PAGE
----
In the fall of 2000, I journeyed to south-central Utah twice, each time for less than a week. I went to support my teenage son, who was in a wilderness program. The second visit included a cold night spent with him and other families high on Boulder Mountain with nothing but a sleeping bag and a rough lean-to for protection from the elements. It snowed that night, causing the tarp over our heads to fall on top of us. Brrr. Warming ourselves next to a campfire amid the vast, open skies of the high desert that morning was definitely a memorable experience. The jaw-dropping drive down from Salt Lake City, the dramatically changing views, the crisp air, and the spareness of life in the high desert moved me. As awed as I was by the power of nature in this place, I was also charmed by the atmosphere of the small town where I stayed after that night on the mountain. Capitol Reef country and Torrey, Utah dug into my soul and worked their magic. I vowed to go back and returned three years later. And yes, it was memorable again.
That trip nineteen years ago was intensely pleasurable because my experiences were so different from everything I’d known as an east coast native. I explored, I hiked to a waterfall, I rode a horse, and I sat down under a juniper tree and painted the towering red-orange cliffs. In subsequent years I often thought about that wild country and the little town at the heart of it – I wasn’t done with Utah’s extraordinary landscape. With the easing of pandemic restrictions, it seemed like travel could feel good again and Utah was the perfect place to go. This time I’d share it with my partner, Joe, who is a wonderful travel companion.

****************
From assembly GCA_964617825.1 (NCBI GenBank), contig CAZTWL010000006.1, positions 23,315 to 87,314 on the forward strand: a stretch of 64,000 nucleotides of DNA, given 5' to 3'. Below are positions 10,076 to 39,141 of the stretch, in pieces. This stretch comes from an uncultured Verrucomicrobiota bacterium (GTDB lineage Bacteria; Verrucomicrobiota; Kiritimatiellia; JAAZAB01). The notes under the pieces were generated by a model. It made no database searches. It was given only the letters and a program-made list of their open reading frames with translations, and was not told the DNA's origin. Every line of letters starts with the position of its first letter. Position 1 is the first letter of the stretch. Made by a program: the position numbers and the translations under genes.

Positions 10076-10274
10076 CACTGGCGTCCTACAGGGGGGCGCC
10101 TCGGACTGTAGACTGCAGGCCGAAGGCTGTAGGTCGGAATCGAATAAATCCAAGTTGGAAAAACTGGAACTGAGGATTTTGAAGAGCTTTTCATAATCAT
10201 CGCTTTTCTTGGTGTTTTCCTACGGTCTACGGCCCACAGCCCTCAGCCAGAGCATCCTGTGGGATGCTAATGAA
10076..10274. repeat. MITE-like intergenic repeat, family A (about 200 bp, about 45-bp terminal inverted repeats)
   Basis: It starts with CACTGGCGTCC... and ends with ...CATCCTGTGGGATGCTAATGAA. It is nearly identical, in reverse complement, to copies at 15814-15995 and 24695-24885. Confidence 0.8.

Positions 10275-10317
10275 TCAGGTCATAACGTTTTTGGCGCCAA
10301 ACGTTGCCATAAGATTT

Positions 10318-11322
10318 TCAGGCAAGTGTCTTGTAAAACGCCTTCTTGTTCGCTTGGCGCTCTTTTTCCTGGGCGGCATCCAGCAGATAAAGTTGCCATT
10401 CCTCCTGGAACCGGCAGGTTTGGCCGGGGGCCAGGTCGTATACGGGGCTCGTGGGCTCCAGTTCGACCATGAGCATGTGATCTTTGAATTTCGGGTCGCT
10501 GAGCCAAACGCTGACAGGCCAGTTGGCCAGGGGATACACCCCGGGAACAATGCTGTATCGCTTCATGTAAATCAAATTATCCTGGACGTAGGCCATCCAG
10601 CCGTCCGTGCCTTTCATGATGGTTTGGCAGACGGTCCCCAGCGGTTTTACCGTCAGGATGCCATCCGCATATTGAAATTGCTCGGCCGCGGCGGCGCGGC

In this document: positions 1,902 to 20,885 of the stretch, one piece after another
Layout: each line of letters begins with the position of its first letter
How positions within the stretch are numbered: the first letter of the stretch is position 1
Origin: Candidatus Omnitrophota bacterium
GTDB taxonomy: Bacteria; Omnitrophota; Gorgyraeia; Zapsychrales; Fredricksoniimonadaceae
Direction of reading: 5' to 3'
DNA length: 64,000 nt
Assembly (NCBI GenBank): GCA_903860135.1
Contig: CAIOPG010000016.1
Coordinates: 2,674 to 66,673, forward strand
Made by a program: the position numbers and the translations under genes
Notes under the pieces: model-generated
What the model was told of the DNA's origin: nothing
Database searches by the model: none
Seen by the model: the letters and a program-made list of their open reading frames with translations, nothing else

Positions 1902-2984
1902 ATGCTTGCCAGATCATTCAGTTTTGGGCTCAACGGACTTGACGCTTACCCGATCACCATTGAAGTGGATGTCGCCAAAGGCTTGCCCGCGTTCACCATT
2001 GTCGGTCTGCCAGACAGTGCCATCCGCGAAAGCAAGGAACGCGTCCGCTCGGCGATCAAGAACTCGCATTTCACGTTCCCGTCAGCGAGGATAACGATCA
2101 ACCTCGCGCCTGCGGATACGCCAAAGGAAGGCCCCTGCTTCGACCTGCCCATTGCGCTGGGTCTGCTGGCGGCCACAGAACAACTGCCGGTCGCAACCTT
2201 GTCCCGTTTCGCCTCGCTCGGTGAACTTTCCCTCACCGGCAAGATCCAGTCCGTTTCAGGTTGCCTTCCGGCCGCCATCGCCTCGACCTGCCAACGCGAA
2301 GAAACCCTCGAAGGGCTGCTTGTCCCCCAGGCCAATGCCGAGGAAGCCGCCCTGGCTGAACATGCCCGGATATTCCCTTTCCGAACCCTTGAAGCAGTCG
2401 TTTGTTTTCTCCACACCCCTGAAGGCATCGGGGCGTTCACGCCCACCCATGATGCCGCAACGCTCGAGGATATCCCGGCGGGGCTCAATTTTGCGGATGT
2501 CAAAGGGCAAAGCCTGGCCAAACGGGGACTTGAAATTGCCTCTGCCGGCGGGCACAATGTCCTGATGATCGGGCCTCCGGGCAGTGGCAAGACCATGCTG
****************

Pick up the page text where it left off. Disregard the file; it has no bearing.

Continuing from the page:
On April 2nd we flew to Las Vegas and picked up a rental SUV at the airport. We stayed in town overnight and set off for Utah the next morning.
Four photos from the plane: low tide ripples off the Lummi Reservation near Bellingham Airport, a view of Lopez Island as we climbed to cruising altitude, Oregon’s beautiful Mt. Hood, and the sere, dun-colored desert outside Las Vegas.